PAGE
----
What new stations should we be considering?
Current station spacing along the GO corridor is generally between 4 and 6 kilometres. The switch to electric service with its faster stop and start times means that an opportunity might exist to increase the frequency of stations. Indeed, in London England, the Overground stations are spaced less than 1km apart in places; the sort of spacing that is more akin to a rapid transit service than commuter rail. This wouldn’t make sense everywhere, but there are places where the addition of a mid-stop station might make sense given the context of RER. Cities and the Province should be thinking ahead to this possibility, identifying where those opportunities might exist and establishing a policy framework to promote new destinations where those stations would be planned. It would be a shame if new development happened that made future stations in these areas more isolated, surrounded by un-supportive uses or more difficult to achieve.
What opportunities might exist to better connect people to jobs?
One of the greatest challenges for our regional transit network is connecting people to jobs. The current GO network was developed at a time when a majority of people lived in the suburbs and commuted downtown Toronto for work. This is no longer the case. People are now just as likely to travel from Brampton to Mississauga for work or vice versa. These people are not served by our existing radial GO network. Just as the system is evolving from a commuter to express rail system we should be thinking about how we might evolve the network to provide more coverage and deliver more inter-905 service. Opportunities might exist along the CNR or CP corridors to connect places such as Burlington, Milton, Halton, Brampton, Vaughan and Markham around the edge of Toronto. An outer GO ring could be transformative to our regional transit network and respond to our changing employment landscape.
How can we coordinate the investment to create a truly regional transit system?
The transformation of our GO network into an express service demands far greater integration of our transit systems. If GO stations are located at the edges of our communities then we will need transit services and facilities to move people there. If a typical commute may involve riding a local bus or LRT to get to the GO station, then we need systems that are seamlessly integrated, easy to navigate and coordinated to support each other. Metrolinx has taken the first steps with its integrated Presto fare system which will enable users to use the same fare card anywhere in the GTHA, but riders will still be faced with a double fee when they cross municipal boundaries. This is a strong disincentive that needs to be addressed. Metrolinx is also currently working on a regional wayfinding strategy, one that explores harmonizing the mish-mash of signage found across the region’s 10 transit agencies to create a more consistent regional standard. This will not be easy. It will require some agencies such as the TTC to admit that there may be other ways of doing things and ask others such as MiWay in Mississauga and Züm in Brampton and Viva in York — all of which have recently undergone expensive branding and wayfinding exercises — to look at implementing new standards over time. It’s a worthwhile investment though, one that will support a big shift in our understanding of region transit and move it away from a series of disjointed municipal networks to a single comprehensive system.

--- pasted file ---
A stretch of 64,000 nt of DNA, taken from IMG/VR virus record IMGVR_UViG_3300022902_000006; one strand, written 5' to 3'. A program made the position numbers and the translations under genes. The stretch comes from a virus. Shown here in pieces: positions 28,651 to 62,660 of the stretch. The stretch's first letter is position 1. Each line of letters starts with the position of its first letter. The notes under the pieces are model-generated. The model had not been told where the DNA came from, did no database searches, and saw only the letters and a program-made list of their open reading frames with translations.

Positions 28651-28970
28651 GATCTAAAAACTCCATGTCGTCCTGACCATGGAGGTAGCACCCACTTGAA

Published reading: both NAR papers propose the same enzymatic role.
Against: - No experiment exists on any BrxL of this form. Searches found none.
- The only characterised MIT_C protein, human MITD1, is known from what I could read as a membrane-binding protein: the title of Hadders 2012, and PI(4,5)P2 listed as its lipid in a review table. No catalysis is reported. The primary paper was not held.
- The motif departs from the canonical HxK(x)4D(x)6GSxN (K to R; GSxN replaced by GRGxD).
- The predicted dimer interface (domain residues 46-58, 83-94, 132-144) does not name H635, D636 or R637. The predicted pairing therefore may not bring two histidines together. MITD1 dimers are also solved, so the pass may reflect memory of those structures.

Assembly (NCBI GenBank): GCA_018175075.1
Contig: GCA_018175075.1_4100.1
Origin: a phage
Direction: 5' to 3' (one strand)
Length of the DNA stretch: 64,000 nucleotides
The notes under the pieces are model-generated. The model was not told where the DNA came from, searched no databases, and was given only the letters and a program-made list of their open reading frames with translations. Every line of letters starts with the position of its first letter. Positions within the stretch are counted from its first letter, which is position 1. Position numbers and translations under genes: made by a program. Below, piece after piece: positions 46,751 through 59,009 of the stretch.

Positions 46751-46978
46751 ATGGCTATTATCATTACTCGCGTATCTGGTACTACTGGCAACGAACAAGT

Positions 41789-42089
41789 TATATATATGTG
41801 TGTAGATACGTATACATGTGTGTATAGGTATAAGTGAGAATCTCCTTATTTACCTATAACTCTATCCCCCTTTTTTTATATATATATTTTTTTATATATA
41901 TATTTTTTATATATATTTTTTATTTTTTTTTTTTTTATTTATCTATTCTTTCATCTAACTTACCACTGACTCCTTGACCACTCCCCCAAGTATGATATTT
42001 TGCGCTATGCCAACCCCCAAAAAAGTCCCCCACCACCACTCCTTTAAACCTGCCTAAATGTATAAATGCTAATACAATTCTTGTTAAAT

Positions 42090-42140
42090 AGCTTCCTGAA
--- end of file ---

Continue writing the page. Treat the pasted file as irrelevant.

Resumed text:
RER is a tremendous opportunity; now let’s figure out how to make the most of it.
Craig Lametti is a Senior Associate with Urban Strategies.